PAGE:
there are thieves and impostors in all parties. At seventeen I was
an eloquent speaker among the 'Constitutional Brothers.' We were
all great admirers of Jack, and would have died for the glorious
constitution, the envy of surrounding nations, and the glory of
our own; but we differed from the rest of the world on the date at
which this constitution had been in its purest and best condition.
We fixed on the reign of Harold, and were most hostile to the Norman
invaders. Whatever had been introduced since then we considered
a badge of conquest and subjection. We called the Parliament the
Wittenagemote, and hated the feudal system. Our innovations were all
in a backward sense. We wished to undo the Battle of Hastings, and
find out a lineal descendant of King Harold. It was reported that
one did exist in the person of a shoemaker at Northampton. We went
to see him, and found him one of the constables in the town, who
threatened to take us into custody if we tried on any more of our
nonsense. Low fellows have no ambition, though they were grandsons
of Julius Cæsar. We talked very high of what we should do in this
appalling absence of a legitimate possessor of the throne; and just
when we had nearly resolved to proceed to use the ancient privilege
of the English people and elect a king, an uncle of mine, a merchant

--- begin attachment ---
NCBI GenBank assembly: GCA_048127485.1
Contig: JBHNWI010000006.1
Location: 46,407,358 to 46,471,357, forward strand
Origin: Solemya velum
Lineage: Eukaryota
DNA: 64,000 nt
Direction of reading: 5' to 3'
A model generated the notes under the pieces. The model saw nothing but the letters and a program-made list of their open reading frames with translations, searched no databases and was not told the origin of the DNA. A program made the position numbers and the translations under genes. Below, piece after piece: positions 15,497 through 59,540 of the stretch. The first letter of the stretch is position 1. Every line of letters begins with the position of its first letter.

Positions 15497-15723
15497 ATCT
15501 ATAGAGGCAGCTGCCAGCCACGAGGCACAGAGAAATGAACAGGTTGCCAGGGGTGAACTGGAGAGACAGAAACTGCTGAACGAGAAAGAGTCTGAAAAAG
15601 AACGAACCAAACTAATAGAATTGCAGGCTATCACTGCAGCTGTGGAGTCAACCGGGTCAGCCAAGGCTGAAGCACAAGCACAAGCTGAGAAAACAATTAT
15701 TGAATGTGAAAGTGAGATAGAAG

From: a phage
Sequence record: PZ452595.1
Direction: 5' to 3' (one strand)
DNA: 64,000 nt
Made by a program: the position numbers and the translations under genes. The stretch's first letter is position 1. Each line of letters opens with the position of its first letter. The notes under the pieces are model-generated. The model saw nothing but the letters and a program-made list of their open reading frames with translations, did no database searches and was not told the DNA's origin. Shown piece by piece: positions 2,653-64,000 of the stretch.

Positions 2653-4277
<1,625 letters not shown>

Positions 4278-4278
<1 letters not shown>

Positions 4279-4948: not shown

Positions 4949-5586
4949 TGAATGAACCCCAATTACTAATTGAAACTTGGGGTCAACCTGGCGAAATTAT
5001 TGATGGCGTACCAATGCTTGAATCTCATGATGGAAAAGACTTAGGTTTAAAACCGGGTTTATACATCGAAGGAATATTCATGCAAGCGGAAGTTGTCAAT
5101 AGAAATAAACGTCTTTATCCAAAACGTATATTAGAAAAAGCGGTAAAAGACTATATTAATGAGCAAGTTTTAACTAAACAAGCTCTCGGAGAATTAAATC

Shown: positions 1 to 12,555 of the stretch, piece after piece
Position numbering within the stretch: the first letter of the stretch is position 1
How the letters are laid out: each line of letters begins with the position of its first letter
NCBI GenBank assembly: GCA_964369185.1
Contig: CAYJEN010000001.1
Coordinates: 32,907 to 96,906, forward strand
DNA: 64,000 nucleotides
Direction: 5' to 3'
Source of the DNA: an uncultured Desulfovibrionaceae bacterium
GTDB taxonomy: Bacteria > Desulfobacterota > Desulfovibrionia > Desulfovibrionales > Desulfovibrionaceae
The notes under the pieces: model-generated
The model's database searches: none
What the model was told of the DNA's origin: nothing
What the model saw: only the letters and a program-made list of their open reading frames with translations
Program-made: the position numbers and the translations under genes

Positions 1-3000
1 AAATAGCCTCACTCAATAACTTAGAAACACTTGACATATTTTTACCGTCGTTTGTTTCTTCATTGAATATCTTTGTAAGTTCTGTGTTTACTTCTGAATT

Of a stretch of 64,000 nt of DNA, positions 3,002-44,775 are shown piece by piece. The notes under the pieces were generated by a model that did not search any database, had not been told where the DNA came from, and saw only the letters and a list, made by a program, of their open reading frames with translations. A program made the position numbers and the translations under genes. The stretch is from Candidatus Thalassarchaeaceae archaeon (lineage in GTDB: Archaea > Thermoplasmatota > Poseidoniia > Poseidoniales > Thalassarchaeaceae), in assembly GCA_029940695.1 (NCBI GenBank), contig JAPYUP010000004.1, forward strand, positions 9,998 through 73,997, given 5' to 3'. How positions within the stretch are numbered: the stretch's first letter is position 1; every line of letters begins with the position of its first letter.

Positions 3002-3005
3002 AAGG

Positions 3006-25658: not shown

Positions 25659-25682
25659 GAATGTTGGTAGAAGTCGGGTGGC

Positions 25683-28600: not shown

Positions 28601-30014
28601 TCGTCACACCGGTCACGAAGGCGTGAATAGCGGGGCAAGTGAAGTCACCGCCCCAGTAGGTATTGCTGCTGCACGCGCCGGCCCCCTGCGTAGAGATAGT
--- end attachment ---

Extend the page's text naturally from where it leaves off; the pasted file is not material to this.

in Swithin's Alley, interfered with my royal candidature, and I
became a clerk in his counting-house, at a hundred a-year."

Here Mr Catsbach, or rather Mr Tooks, refreshed himself with the
whole remainder of his tumbler; made himself another with the utmost
expedition, and proceeded.

"I need a little support," he said, "for I am now coming to a
period when I fell in love. I will be very brief in my account of
the interesting event, for it sticks in my throat, and has made me
miserable for many months. She was the prettiest girl that ever
was seen--of course they are all that when we see them through
the spectacles of admiration and vanity; for a girl's principal
beauty consists in the willingness, more or less, with which she
reciprocates your feelings. That's the reason why misogynists are
all ugly fellows--it's the reason also why old men think the average
amount of beauty fallen off. The prettiest creature in the world
was Ellinor Bones, a niece of my aunt; so, in a sort of way, we
were cousins. She was a ward of my uncle's, with three thousand
pounds in the four per cents; and the moment I saw her, I said
there's my destiny. There have been few books, and no play of my
acquaintance, without a young fellow marrying his uncle's ward;
so I made up my mind at once, and had no doubt of converting the
beautiful Ellinor into Mrs Tooks. The course of true love never
did run smooth, our immortal friend says. Doesn't it?--ours flowed